28 Sep. 2021
Paperback / softback
When Mia moves to Vermont the summer after seventh grade, she's recovering from the broken arm she got falling off a balance beam. And packed away in the moving boxes under her clothes and gymnastics trophies is a secret she'd rather forget.
Mia's change in scenery brings day camp, new friends, and time with her beloved grandmother. But Gram is convinced someone is trying to destroy her cricket farm. Is it sabotage or is Gram's thinking impaired from the stroke she suffered months ago? Mia and her friends set out to investigate, but can they uncover the truth in time to save Gram's farm? And will that discovery empower Mia to confront the secret she's been hiding--and find the courage she never knew she had?
In a compelling story rich with friendship, science, and summer fun, a girl finds her voice while navigating the joys and challenges of growing up.
InformationBook Type: Junior High
Age Group: 13 years +
Traffic Lights: Green/Amber
Class Novel: Yes
Good Reads Rating: 5/5
Literary Rating: 5/5
Mia used to live for gymnastics, but a nasty fall that left her with a broken arm has changed everything. Now moving to Vermont, she's excited for a fresh start. She joins Warrior Camp, a day camp packed full of challenging physical activity, and Launch Camp for Young Entrepreneurs, where kids work on projects in makerspaces. Plus, they're close to Mia's grandmother and her cricket farm. Mia's mother wants Gram to shut down the farm since she had a stroke recently, but Gram has decided not to sell. Mia decides to focus her entrepreneur project on coming up with ways for Gram's business to expand and become more sustainable.
But all is not as it seems. Gram suspects that the farm is being sabotaged to force her into selling it. Mia and her new friend from Warrior Camp and Launch Camp, Clover, think she may be right when they discover evidence that someone has broken into Gram's property and find a listening device.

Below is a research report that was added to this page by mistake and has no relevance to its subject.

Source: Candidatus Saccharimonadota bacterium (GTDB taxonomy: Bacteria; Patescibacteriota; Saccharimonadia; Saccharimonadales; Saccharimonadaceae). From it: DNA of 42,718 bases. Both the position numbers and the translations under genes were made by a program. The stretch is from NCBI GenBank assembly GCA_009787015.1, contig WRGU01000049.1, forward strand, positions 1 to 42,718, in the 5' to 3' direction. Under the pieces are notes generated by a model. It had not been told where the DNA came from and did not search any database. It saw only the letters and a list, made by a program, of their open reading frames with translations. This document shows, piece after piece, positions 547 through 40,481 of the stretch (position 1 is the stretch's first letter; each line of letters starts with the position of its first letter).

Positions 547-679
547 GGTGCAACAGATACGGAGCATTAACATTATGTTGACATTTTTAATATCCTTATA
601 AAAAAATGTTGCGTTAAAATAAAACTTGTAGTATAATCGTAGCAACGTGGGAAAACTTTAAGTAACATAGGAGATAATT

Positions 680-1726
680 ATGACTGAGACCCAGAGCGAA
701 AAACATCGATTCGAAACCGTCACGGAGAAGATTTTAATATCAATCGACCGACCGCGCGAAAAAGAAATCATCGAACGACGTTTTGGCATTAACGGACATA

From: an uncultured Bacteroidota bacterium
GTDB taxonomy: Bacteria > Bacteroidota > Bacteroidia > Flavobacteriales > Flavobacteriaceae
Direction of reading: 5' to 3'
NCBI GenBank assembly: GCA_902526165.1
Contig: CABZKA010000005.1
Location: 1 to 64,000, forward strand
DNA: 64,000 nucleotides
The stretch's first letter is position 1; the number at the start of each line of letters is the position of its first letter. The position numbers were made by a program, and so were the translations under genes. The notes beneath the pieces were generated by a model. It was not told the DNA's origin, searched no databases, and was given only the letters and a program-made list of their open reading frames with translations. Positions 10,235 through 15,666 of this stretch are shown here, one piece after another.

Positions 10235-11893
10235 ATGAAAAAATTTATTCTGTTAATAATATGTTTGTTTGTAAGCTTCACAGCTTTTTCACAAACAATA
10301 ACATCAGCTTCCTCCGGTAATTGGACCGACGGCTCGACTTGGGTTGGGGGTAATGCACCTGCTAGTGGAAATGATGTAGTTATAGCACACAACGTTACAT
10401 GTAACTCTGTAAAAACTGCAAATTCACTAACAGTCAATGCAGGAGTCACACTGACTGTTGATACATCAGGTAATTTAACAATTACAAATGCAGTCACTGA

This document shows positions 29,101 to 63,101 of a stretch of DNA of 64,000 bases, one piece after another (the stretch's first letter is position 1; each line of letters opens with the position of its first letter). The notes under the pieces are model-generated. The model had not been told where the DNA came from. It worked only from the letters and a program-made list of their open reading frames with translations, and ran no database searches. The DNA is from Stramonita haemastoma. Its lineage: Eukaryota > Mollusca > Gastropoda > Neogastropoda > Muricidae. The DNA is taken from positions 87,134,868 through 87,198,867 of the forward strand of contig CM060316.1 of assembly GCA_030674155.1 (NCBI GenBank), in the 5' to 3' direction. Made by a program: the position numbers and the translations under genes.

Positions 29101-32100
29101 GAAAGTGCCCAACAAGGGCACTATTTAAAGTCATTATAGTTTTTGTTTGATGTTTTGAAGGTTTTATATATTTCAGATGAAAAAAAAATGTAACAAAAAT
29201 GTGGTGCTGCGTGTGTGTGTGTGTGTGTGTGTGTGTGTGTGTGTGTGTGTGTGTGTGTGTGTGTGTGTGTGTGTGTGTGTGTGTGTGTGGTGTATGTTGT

Mia also strikes up a friendship with the other girls at Launch Camp, who help her with her project of making Gram's farm attractive to investors. They make progress, starting the hashtag #ChirpChallenge on social media and working on ways to automate processes around the farm with robotics.
Then Mia goes to a talk by entrepreneur Anne Marie Spangler, who talks a little about the harassment she faced in her first job. After the talk, Mia approaches Anne Marie and admits that something like that happened to her too. We learn that Mia was harassed by one of the assistant coaches at her old gym, which was the reason for her accident. Anne Marie encourages her to open up to a trusted adult, and she eventually tells her mother and grandmother.
She'd been so afraid of being noticed that she'd tried to become invisible; she'd been so afraid of not being believed that she didn't feel able to speak up. Her mother and grandmother believe her and communicate with the gym, eventuating in a police investigation of the coach in question. Over time, the other girls open up to Mia as well: they all understand, even at a young age, that women and girls experience harassment. Mia thinks about how female crickets are silent--male crickets make all the sound. She connects this not just to the culture of silencing harassment and assault victims, but also to women being overlooked in the workplace and other spheres, unable to make their voices heard.